Monday, July 18, 2011

You Don't Know Me

Some people may be surprised, but it's true - we live in a world with masked superheroes in it, though these "superheroes" don't necessarily match what you might expect to see in a comic book. They're ordinary people trying to make a difference in different ways, whether it be the street patrols and interventions of Seattle's Phoenix Jones, or Thanatos passing out supplies and calling 911 when necessary in Vancouver's Downtown Eastside. Sometimes, though, it's easy to look past what they do and just focus in on the mask.

I know that outside of Halloween, masks have a bad rap, and understandably so; they're specifically designed to conceal the wearer's identity. Events such as the recent Vancouver riot forcefully demonstrated the necessity for people to be recognizeable - and if they're not, the Criminal Code of Canada makes it clear that "every one who, with intent to commit an indictable offence, has his face masked or coloured or is otherwise disguised is guilty of an indictable offence and liable to imprisonment for a term not exceeding ten years."

In other words, not much room up here for the sort of masked vigilantism that was traditionally the bread and butter of comics. Which, honestly, is all for the better: vigilantism has no place in modern society, masked or otherwise. It's more the masks that get me. I've heard people express misgivings about the mere act of mask-wearing, even for characters like Thanatos - who limits himself to distributing food and reporting crimes in the DTES. Personally, I have difficulty getting behind a distrust of masks for distrust's sake... mostly because of my concerns about where this might lead us, ten or twenty or thirty years in the future.

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Today, it's a rare person on the street who doesn't have a camera on them, usually in the form of a cameraphone - but when you stop to consider it, this is a staggeringly vast change that came about in less than ten years. Back in 2001, I don't know if I knew anyone who had a cell phone; hell, the fact that someone in my staircase at university owned a laptop was unusual. Even with the world teetering on the brink of financial collapse, I don't expect this pattern of change to alter much in the coming years. Augmented reality, which literally lets you see the world a different way, is speeding up and gaining traction.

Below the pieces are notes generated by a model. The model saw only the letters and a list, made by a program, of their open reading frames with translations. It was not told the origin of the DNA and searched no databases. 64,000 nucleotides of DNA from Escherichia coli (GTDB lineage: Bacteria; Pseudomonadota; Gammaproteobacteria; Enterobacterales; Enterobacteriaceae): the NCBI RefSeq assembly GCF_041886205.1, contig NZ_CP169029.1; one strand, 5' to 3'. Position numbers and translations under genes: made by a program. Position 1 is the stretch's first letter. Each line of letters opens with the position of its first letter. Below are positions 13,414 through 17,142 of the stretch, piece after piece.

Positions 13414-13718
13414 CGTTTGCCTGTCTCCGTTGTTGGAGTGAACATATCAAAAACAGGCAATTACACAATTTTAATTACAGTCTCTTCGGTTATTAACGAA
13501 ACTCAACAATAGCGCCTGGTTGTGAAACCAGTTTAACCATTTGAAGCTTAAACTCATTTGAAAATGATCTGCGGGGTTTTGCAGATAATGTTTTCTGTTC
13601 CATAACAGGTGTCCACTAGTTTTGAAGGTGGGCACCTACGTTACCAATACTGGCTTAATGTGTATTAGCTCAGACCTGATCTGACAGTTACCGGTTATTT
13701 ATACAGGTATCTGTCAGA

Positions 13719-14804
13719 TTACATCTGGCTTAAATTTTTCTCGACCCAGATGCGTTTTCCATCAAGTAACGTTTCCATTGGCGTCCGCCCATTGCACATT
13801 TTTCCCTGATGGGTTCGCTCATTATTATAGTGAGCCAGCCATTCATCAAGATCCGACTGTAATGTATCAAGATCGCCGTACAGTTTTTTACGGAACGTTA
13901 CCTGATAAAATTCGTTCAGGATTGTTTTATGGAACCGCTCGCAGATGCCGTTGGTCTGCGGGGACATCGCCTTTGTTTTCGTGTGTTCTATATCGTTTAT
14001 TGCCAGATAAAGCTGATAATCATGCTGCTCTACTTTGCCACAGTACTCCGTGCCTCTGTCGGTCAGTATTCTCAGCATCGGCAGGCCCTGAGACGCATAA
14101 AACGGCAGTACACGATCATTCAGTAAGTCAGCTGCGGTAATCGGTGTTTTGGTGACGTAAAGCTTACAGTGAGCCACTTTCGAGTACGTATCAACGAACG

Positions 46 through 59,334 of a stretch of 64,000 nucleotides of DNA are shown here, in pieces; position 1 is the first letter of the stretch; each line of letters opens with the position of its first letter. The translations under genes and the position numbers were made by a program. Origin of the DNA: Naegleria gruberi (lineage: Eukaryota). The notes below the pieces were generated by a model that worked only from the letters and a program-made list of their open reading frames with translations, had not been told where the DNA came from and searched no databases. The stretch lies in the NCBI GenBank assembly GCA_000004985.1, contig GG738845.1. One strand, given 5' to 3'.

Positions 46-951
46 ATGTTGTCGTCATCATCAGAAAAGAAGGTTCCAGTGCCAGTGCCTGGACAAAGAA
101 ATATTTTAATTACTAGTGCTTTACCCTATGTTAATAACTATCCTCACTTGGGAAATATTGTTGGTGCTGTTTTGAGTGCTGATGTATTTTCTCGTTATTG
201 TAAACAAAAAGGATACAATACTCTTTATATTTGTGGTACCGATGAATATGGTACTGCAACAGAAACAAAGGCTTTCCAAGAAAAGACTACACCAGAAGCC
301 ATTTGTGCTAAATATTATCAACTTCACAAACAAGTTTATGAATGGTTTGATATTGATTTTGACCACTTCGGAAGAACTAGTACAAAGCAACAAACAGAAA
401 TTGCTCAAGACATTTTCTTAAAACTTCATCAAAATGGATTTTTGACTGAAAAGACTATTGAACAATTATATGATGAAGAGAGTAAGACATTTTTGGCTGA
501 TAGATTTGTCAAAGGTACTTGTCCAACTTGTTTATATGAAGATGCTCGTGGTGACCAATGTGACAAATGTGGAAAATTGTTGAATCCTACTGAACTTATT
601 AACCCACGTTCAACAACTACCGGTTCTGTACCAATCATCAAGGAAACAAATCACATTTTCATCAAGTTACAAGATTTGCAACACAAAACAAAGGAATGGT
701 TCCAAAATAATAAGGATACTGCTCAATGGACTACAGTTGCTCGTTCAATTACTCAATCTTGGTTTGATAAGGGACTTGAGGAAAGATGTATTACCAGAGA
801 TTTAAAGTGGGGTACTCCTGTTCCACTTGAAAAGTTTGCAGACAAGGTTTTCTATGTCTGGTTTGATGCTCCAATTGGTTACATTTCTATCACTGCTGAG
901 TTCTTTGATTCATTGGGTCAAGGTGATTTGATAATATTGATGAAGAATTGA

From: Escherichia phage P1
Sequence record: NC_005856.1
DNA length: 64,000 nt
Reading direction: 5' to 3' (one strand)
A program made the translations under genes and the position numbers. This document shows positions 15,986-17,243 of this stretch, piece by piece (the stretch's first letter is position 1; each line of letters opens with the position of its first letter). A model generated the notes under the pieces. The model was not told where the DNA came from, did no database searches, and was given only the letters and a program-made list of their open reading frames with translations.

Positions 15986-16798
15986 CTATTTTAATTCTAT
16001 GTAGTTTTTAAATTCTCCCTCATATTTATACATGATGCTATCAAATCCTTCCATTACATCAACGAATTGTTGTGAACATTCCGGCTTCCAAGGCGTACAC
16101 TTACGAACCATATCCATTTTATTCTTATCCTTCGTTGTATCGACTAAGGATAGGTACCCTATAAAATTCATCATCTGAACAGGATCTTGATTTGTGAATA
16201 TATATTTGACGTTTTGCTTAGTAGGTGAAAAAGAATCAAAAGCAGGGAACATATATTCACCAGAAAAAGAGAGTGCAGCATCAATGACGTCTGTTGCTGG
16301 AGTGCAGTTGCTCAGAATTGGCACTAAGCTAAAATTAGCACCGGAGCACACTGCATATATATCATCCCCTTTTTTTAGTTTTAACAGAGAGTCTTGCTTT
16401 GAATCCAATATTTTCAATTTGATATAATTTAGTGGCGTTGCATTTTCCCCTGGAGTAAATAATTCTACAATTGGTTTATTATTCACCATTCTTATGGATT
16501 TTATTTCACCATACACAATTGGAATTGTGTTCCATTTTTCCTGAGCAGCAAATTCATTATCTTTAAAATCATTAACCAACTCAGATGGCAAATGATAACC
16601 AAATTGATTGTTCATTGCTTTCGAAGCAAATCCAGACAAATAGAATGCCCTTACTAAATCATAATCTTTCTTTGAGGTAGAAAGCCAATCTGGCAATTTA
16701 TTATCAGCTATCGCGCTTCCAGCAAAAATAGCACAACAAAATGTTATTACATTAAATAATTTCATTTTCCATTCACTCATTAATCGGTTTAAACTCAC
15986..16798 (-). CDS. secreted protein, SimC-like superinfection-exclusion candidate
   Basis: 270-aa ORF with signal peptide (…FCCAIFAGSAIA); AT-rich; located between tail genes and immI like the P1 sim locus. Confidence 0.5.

What I worry about is a world where it's impossible to slide beneath notice on the street - not from the police, mind you, but from the people around you. Facial recognition programs exist today, and they're only getting better. What I worry about is the phone of, say, twenty years down the road; maybe it's linked into your glasses so that you can see the augmented reality layers clear as day, and to do that, it's got a camera that's seeing everything that you see. Every face that you see. How hard would it be for a facial recognition program to look at every face passing by, scour the internet, and have that face's name hovering above like a character in a computer game?

At that point, the game would be different. At that point, I would consider myself obligated to wear a mask, or at least something like really big sunglasses that obscure a huge swath of my face, day-to-day - because while I know I don't have any expectation of privacy in a public space, other people don't have the right to know who I am because there's an app for recognizing faces. It's one thing for the panopticon to be a prison, but to build it ourselves is something else again.

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